Supply Side Platforms (SSPs) sometimes sit in an unenviable position of balancing relationships between advertisers and publishers. They need to secure demand for their supply and at the same time make sure the pricing and fill rate satisfies their publishers. Because the SSP sits between these two parties they sometimes get stuck trying to keep both parties happy.
Mobile publishers can sometimes have unrealistic expectations, requesting either close to 100% fill or a very high CPM and in some cases both things. Usually after a publisher has become experienced in the mobile industry their expectations become more realistic, but it can take some time particularly if they are coming from the desktop environment where the fill rates are typically higher and more consistent.
Advertisers on the other hand can be very demanding in their requirements, looking for very specific audience segments: certain geographic locations, timeframes, demographics and quality of sites or apps. They tend to want to squeeze as much profit out of each deal as possible even though the more granular the targeting required the higher the CPM should be.
Advertisers can be under immense pressure to ensure the fulfillment of the campaign and many times they will peddle the deal to multiple publisher or SSPs to make sure they meet their goal. Typically when they present the deal to the different parties they do not parcel it up, but offer the entire campaign or a large chunk of it to each publisher so each one believes they have a large advertising campaign to fill. This is where the problems arise.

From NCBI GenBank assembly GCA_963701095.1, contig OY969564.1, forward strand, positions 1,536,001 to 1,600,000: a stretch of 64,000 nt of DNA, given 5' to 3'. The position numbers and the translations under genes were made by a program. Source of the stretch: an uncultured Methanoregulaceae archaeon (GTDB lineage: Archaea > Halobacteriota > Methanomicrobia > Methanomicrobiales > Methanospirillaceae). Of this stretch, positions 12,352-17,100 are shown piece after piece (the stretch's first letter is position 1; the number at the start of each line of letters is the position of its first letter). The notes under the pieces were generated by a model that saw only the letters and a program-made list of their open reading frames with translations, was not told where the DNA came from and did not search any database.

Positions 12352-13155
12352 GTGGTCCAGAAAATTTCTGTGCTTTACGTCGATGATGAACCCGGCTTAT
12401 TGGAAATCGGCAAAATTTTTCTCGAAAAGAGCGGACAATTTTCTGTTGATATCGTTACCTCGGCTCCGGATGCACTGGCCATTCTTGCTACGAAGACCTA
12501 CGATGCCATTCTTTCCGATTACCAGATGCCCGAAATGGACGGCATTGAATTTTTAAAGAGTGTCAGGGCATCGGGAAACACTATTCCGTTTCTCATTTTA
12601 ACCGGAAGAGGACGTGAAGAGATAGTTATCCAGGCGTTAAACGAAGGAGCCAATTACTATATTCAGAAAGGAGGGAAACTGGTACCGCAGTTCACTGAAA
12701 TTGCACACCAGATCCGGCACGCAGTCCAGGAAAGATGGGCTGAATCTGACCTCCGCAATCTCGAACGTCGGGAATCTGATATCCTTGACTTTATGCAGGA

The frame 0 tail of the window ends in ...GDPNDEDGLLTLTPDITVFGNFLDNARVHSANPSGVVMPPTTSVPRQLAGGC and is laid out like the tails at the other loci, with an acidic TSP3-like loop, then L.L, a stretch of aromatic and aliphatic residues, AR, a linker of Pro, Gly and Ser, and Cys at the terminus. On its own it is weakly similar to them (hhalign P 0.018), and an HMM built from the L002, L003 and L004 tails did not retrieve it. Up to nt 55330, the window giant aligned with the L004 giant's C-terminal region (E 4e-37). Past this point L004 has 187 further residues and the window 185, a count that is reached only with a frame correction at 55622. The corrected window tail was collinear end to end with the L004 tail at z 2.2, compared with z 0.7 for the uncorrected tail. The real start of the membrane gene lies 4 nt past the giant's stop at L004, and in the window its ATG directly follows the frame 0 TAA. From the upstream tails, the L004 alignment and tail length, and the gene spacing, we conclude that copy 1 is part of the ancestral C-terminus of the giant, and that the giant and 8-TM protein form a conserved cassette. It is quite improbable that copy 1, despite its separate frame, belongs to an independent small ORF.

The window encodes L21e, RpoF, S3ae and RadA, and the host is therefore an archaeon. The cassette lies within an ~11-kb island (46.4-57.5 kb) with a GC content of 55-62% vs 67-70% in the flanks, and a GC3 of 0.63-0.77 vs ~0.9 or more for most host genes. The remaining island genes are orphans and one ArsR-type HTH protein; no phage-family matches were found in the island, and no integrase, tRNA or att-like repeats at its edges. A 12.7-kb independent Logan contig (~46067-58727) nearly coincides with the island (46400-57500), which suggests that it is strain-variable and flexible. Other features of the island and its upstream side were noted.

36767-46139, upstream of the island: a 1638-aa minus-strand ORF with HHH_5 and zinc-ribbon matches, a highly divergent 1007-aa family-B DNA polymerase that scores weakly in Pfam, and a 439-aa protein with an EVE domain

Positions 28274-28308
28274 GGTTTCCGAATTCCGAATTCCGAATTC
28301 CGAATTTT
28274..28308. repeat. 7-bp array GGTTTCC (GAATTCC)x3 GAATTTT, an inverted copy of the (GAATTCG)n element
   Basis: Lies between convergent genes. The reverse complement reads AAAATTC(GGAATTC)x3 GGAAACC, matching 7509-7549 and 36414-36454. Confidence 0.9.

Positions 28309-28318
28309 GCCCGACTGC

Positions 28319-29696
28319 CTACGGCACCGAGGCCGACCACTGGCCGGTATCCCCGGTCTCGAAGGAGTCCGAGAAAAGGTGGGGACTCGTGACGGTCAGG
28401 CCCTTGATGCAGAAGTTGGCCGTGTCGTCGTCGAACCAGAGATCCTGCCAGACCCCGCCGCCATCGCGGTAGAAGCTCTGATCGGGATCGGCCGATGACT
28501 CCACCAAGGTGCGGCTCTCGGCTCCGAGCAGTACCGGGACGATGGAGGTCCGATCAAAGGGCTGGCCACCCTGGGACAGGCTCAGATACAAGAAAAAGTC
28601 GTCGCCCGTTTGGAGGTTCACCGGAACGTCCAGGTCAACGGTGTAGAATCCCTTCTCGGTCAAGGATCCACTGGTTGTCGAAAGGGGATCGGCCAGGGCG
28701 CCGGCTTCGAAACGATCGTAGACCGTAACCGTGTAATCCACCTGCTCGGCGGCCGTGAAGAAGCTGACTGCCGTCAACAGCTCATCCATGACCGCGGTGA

The publishers or SSPs ramp up their traffic to the meet the demand. In the case of an SSP, they may reach out directly to a publisher to request additional traffic or traffic that is very targeted and at a higher volume in order to meet the requirements of the advertiser. But since the advertiser has asked multiple parties to send the same volume of traffic, it will most likely be supplied by multiple publishers and the campaign will be completed prior to any publisher sending the full amount of traffic they were asked to provide. This scenario can cause challenges for SSPs in managing relationships.
To further exacerbate the problem, there is typically a delay between when a campaign has completed and when the publisher is notified, so the publisher continues to send traffic that does not fill. If the campaign ends over a weekend or holiday then a publisher could end up sending traffic that is not needed for a day or longer. This can put a strain on relationships.
Publishers are usually excited and willing to send traffic for a special campaign, particularly if it is expected to bring better fill at a higher price, but if the campaign ends up requiring a lot less traffic then originally anticipated it can make them unhappy. Targeted campaigns to a specific geo or demo typically require some work for the publisher to set up, so publishers expect a certain ROI for this additional effort. When publishers are continually informed about special campaigns which do not live up to the original requirements, they become less willing to accept them in the future or they begin to ask for certain guarantees. It is at this point that it can be challenging for an SSP to manage these relationships with the publishers and keep them happy so they will accept special campaigns in the future.
It is understandable and expected that advertisers want to make as much money as possible off a campaign, but they need to do a better job of communicating with their publishers and SSPs about what their expectations should be and how much traffic they really require from them. Otherwise they can poison their relationships with their partners, and the SSPs will be left in a position where the publishers look at them as the little boy who cried wolf each time they present them with a new special campaign.